On August 2nd 2013, exactly five years ago today, there was a clutch of orange umbrellas above Lower Marsh.  (Also (see bottom right), 240 Blackfriars Road was under construction.) I don’t believe I mentioned these umbrellas at the time I photoed them, and now, I can’t google my way to any sort of explanation of them.  But, I think I recall investigating them at the time, and I think they were some kind of advert for an art gallery.  This guy agrees that these umbrellas were indeed there, then, but he doesn’t say anything about them either.

Anyway, here they are, as I photoed them then:

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The bottom left one looks to me like the head of some kind of oriental feline creature.

Thursday May 24 2018

In Quimper, the city in Brittany which I recently visited on account of having friends who live there, I photoed this:

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My camera’s ability to notice details that I didn’t notice at the time …

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… immediately enabled me to learn who did it, and what else he has done.

I love the internet.

Friday May 11 2018

When you go by train to Quimper from London, you start by going by Eurostar to the Gare du Nord in Paris.  And when you step outside the main entrance of the Gare du Nord, you find yourself next to a big red bear with wings.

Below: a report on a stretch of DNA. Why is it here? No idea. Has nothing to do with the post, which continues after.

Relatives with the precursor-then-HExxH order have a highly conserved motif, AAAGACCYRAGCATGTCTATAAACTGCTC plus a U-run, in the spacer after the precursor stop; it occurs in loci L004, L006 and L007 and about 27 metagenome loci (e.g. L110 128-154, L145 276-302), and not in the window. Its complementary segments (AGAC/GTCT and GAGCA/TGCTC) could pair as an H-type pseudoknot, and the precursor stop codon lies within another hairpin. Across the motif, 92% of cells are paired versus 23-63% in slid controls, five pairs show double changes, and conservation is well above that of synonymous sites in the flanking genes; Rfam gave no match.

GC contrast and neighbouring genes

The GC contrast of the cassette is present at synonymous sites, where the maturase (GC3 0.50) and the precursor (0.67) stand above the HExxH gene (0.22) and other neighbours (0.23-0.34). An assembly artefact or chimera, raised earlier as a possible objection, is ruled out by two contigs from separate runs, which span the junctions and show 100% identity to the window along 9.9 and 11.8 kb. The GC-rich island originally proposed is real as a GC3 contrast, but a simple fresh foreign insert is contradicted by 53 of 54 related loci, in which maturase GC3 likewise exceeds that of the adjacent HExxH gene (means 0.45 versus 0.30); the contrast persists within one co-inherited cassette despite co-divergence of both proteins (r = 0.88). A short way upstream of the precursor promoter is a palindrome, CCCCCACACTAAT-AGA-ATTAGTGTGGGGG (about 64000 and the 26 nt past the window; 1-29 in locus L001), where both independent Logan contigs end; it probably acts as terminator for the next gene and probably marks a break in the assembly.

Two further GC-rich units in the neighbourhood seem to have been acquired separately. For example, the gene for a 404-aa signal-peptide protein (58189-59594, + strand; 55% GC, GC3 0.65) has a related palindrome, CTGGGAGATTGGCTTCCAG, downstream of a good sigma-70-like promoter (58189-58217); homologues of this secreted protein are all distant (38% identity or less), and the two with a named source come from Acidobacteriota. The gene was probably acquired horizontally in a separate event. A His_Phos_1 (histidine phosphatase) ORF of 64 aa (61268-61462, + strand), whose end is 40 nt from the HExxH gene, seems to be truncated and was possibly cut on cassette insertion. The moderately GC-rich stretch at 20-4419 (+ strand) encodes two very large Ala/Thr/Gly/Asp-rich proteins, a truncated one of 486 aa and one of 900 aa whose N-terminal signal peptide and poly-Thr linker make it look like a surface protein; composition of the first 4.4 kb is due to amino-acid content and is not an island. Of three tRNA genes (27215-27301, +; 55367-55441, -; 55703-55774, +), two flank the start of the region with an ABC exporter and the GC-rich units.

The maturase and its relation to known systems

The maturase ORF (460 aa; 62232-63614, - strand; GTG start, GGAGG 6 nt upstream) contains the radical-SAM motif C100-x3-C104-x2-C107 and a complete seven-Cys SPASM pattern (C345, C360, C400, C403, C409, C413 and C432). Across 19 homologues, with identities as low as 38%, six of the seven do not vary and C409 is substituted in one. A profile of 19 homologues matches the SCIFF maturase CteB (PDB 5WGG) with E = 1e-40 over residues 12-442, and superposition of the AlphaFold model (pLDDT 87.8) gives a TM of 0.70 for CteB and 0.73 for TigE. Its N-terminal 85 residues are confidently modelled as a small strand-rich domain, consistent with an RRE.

Although I noticed this big red bear with wings when I first got to Paris, I only photoed it on the way back, a week later, when I and GodDaughter 2’s Mum were in less of a hurry between trains and when the weather was much better.

Also, on the way back, we didn’t suddenly see the big red bear with wings.  We could see it as we approached the Gare du Nord, and I had my camera ready to go, as it had been all afternoon:

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I quite like this big red bear with wings, but I am less sure about whether I admire it.  It seems like a mixture of too many unrelated things.  The lots-of-holes style of sculpting, which I associate with 3D printing, is one thing.  Making a bear look like a bear is something else.  And then, there are those wings.  On a bear.  Wings with holes in them.  The idea of the wings is that they turn the bear into an angel bear.  Something to do with global warming and the melting icecaps, I read somewhere and then lost track of.  The artist, Richard Texier, is not big on logic.  He prefers to stimulate the imagination.  To evoke magic.